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Which Athlete Was The Best At Hanging Out With A Penguin?

January 23 2015
Samar Kalaf

Friday, January 23, 2015

#Penguin of the Day (Wink!)


Winking Penguin

Winking Penguin by Leeds Medic

Spheniscus magellanicus - Peninsula Valdes

Thursday, January 22, 2015

#Penguins of the Day

Penguin 

Humboldt Penguin by Emma Rowley

Swimming Penguin 

Swimming Humboldt Penguin by Emma Rowley

Scientists Save #Penguin Chicks (video)


 
Published on Jan 20, 2015
 
African penguins are critically endangered, their colonies reduced by 70 percent in the last decade. Commercial fishing is to blame, emptying the penguins’ ocean range of the small, schooling fish that are their main food source. With penguin chicks’ growth and health in crisis, a hands-on rescue strategy could sustain struggling colonies while conservationists work to ensure the species’ survival.

How Falkland Science Symposium celebrated Penguin Awareness Day

Wednesday, January 21st 2015 
 
The world’s northernmost colony of king penguins has something to celebrate this week, as Tuesday marks Penguin Awareness Day and these well dressed seabirds play host to an international group of scientists gathered to discuss the Falkland Islands’ rich potential for new research.
Pan-American delegates to the Falklands Science Symposium enjoying the penguins at Volunteer Point (Pic SAERI)
King penguins are slightly smaller than their imperial cousins, but they have larger patches of golden feathers on their heads and necks
Gentoos were considered the most entertaining with their young still covered in down looking like plush dolls and triggering an irrepressible desire to buy penguin souvenirs
Magellanic couples leave one parent with the chicks in a small burrow dug into the sand on the beach, while the other headed to the sea to pick up some fish.


According to a piece posted by Andrew Howley from National Geographic, and based on reports from grantees Scott Baker and Steve Campana, the birds went wild with squawking, flapping, yodeling, and even sizeable hops that could almost pass for flying.

Hailing from countries up and down the Americas, these experts in life on land and sea, geology, oceanography, and information systems are taking part in the Falkland Islands Science Symposium, investigating opportunities for collaboration between themselves, the South Atlantic Environment Research Institute, SAERI, and other groups in the region.

Before the talks began though, the delegates piled into Land Rovers and headed out from the main town of Stanley up to Volunteer Point, to see the penguins.

The Falkland Islands are home to breeding colonies of five species of penguin. At our destination, there were three: king, gentoo, and Magellanic.

The Magellanic couples would leave one parent with the chicks in a small burrow dug into the sand on the beach, while the other headed for the waves to pick up some fish. Upon returning, the adults would sing out in unison a song that sounded like a kid blowing on a New Year’s noisemaker. Then they’d pause, maybe dip their heads, and start up with verse two.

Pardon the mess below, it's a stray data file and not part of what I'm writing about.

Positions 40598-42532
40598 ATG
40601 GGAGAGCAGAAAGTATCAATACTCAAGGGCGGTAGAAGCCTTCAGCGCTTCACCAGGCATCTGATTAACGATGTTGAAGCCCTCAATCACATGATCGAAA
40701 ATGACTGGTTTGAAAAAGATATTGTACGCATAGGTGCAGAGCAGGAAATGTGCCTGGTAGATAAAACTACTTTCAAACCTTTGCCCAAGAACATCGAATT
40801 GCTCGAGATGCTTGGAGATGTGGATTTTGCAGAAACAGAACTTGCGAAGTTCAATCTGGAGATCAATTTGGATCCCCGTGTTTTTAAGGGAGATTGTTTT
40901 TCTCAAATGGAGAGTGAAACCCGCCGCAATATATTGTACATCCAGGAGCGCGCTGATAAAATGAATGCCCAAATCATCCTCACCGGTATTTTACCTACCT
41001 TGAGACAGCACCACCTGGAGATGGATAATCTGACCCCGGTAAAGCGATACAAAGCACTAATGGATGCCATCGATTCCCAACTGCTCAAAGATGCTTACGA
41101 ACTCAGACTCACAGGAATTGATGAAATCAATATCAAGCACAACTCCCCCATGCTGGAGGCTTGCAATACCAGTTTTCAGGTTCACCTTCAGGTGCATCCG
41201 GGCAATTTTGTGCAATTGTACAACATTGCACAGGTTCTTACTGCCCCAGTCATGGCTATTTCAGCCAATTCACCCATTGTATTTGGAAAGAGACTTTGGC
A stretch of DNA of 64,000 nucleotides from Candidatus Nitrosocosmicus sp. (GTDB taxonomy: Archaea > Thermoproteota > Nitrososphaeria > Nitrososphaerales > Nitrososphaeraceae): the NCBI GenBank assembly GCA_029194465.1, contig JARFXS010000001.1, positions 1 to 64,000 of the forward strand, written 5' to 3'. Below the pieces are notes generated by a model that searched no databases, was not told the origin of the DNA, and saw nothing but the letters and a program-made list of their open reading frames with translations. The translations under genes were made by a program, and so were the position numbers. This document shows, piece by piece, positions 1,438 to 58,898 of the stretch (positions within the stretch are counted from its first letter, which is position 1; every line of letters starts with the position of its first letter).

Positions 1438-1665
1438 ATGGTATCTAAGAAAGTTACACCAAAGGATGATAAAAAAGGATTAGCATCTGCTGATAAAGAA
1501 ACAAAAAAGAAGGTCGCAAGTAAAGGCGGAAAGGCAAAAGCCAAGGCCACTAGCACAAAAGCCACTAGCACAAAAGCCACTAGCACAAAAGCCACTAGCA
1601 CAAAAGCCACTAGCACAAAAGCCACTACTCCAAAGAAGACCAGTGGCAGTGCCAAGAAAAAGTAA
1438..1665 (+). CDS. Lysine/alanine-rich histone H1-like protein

This strange sound leads some to call them “jackass penguins,” though that is a term specifically for a similar but distinct African species. One noticeable difference: African penguins have one black stripe on their necks, Magellanics have two.

The kings mostly stood around like royalty. They are slightly smaller than their imperial cousins, but they have larger patches of golden feathers on their heads and necks, which contrast nicely against their blue-steel colored coats, giving them an elegant appearance among the rest of the black and white suits.

While small groups of kings waddled back and forth to the water or off to find a place to chill out far from the crowd, hundreds of individuals sat huddled in a mass on a dirt section by the hills, cradling eggs on their feet and squawking at any wanderer who passed by putting itself on display. Varying states of molting made some young kings appear to have elaborate or particularly Mr. T-like hairdos.
The most entertaining of all though were the gentoo penguins. Their young were still covered in down and looked like plush dolls positioned on the hills to ensure that visitors develop an irrepressible desire to buy penguin souvenirs. Their bright white eyebrows and orange-sherbet feet don’t hurt either.

They also put on the best show. Those gentoo parents returning from the sea to healthy, growing chicks were instantly bombarded by a flurry of flapping and screaming. Once they’d bent down their heads, opened wide, and regurgitated fish into the gaping mouths of their offspring, they would try to wrap up and move along. The chicks would chase them down till they relented and served up seconds of the day’s catch.

This repeating cycle meant that at any given moment, you could see several hilarious games of tag being carried out over the hills.

After a few hours of observations of the penguins, the team headed back to town, where locals knew well that Penguin Awareness Day was on the horizon. An appreciation of the penguins’ cuteness was fairly unanimous, as was respect for the adaptability of these seabirds.

On island groups like this, diversity and adaptability are useful for penguins, farmers, and scientists alike. As researchers develop ideas for new projects and collaboration at the #FalklandSci symposium, a good appreciation of the virtues of penguin-hood could help guide them to success.

 source

Tuesday, January 20, 2015

One last reminder on #PenguinAwarenessDay 2015--a #Penguin Eye Chart


Be sure to click eye chart for larger size

#MysticAquarium celebrates #PenguinAwarenessDay



(Photo: Mystic Aquarium)
(Photo: Mystic Aquarium)
MYSTIC, Conn. (WPRI) — Mystic Aquarium is celebrating National Penguin Awareness Day, the company announced on Tuesday.